(Robert Reich, a former U.S. Secretary of Labor, is professor of public policy at the University of California at Berkeley and the author of “Saving Capitalism: For the Many, Not the Few,” now available in paperback. His new film, “Inequality for All,” is now out on Amazon, DVD and On Demand. His daily blog is at www.facebook.com/RBReich/.)

U.S. Politics

10 things you need to know today: March 21, 2017



1. Comey confirms Russia investigation in House hearing
FBI Director James Comey confirmed to the House Intelligence Committee on Monday that his agency is investigating whether Russia tried to influence last year’s election, and “whether there was any coordination” between Russia and President Trump’s campaign. Comey declined to provide specifics on whether anyone in particular is suspected of a crime, saying he didn’t want to “wind up smearing people.” The extraordinary acknowledgement of the investigation, which started last July, contradicted Trump’s assertion that “Russia is fake news” his political enemies were using to undermine him. Comey also said there was no evidence to support Trump’s claim that former President Barack Obama had him wiretapped during the campaign.

Source: The New York Times, The Washington Post

2. Gorsuch vows to ‘apply the law,’ not make it
Judge Neil Gorsuch vowed Monday not to forget the “modest station we judges are meant to occupy in a democracy” if he is confirmed to replace the late Justice Antonin Scalia on the Supreme Court. In his opening statement in his confirmation hearing before the Senate Judiciary Committee, the appeals court judge stressed “the importance of an independent judiciary,” saying it was up to Congress to make laws, up to the executive branch to enforce them, and up to judges to “apply the law in people’s disputes.” Gorsuch is a highly respected conservative jurist. Democrats, in their opening statements, questioned whether Gorsuch would favor businesses over individuals, and questioned the fairness of confirming President Trump’s nominee when Republicans refused to even consider former President Barack Obama’s nominee, Merrick Garland. Gorsuch will face questions from committee members on Tuesday.

Source: The Washington Post, The Associated Press

3. House GOP leaders release proposed changes to health law
Top House Republicans late Monday unveiled proposed amendments to their proposal to replace ObamaCare in a bid to win over more lawmakers before a scheduled Thursday vote. The changes would let the Senate increase tax credits for people age 50 to 65, speed up repeal of some ObamaCare tax increases, and make sharper cuts to Medicaid, including letting states impose work requirements for some Medicaid recipients. Members of the House Freedom Caucus said they would still have enough “no” votes to defeat the bill. President Trump plans to reach out to fence-sitters personally on Tuesday in a bid to win over enough votes to pass the plan.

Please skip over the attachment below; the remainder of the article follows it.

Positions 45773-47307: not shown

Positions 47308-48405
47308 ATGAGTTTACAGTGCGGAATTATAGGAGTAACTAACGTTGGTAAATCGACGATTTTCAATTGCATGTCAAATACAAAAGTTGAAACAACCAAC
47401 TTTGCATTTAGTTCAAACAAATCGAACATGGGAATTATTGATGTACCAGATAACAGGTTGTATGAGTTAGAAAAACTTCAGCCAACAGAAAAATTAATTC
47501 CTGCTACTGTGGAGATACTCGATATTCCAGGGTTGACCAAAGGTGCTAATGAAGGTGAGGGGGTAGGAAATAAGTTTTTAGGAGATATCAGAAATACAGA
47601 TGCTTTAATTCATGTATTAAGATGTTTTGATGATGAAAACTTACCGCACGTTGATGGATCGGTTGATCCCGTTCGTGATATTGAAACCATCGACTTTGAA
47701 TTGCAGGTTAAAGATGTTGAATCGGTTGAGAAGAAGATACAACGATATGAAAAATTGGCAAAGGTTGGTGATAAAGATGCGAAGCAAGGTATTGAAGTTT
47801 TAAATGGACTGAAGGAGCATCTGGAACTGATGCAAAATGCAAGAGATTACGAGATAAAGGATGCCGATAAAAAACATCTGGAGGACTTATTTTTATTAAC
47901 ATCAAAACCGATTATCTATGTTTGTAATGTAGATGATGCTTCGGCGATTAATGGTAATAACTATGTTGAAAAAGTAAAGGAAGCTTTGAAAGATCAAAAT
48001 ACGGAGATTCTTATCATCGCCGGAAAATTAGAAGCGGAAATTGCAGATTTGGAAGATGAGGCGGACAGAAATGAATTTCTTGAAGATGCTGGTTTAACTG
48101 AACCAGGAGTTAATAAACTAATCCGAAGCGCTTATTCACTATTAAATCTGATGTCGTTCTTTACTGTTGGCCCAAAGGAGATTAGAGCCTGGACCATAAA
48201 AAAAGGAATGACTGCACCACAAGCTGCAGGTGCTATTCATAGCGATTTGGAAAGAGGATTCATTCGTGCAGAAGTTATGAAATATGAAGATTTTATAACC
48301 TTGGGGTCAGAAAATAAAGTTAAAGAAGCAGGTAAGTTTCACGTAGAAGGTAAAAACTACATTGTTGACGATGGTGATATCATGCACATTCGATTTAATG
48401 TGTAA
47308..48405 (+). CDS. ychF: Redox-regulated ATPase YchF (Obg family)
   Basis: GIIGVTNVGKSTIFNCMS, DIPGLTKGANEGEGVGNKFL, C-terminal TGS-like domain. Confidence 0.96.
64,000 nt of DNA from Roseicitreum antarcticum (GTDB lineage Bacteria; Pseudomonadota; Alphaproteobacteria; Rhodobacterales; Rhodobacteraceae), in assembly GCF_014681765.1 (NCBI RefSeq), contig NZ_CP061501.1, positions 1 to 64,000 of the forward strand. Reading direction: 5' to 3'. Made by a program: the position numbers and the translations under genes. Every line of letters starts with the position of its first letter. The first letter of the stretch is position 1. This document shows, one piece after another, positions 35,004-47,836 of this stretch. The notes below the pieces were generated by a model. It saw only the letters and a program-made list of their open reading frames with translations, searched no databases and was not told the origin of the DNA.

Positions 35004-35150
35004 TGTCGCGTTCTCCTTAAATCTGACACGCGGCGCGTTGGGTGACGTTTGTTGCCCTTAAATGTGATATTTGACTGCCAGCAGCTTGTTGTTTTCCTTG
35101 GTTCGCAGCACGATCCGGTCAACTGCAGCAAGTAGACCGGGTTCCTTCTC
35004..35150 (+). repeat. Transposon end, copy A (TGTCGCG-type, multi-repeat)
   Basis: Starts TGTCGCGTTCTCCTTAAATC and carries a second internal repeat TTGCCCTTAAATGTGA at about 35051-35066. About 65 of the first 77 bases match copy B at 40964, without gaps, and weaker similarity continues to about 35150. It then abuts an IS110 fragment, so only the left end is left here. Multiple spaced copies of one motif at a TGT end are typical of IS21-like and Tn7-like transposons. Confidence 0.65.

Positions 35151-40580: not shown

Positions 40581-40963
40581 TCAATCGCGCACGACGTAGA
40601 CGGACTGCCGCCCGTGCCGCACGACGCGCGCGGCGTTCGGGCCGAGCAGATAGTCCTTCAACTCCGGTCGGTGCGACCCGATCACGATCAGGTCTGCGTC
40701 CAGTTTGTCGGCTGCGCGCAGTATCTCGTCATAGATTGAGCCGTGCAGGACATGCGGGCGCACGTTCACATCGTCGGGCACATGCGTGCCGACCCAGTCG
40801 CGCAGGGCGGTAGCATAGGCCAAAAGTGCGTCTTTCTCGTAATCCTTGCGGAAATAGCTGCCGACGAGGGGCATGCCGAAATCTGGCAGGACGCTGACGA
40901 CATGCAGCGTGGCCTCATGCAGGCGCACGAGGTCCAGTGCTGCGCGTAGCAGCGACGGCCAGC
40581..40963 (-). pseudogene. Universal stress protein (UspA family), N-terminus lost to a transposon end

Source: The Associated Press, CNN

4. U.S. bans large electronic devices from cabins of some U.S.-bound flights
The Trump administration plans to prohibit travelers on some airlines flying out of several Middle Eastern and North African countries from carrying large electronic devices into the cabins of U.S.-bound flights in response to an unspecified terrorist threat. The rule affects foreign airlines operating out of Jordan, Egypt, Saudi Arabia, Qatar, Kuwait, United Arab Emirates, Turkey, and Morocco. No American carriers will be affected. Passengers will be able to carry the affected devices, including tablets, laptops, and cameras, in checked luggage.

Source: Reuters, Los Angeles Times

5. Prosecutors grill ousted South Korean president
South Korean prosecutors on Tuesday began questioning ousted former President Park Geun-hye in connection with the corruption investigation that got her ousted from office this month. The interrogation was expected to last hours at a prosecutors’ office. Prosecutors are trying to determine whether there is enough evidence to ask a court for a warrant to arrest Park over the allegations of bribery, extortion, and abuse of office. Park made the latest in a series of apologies before the meeting. “I am sorry to trouble the people,” Park said. “I will respond faithfully to the investigation.”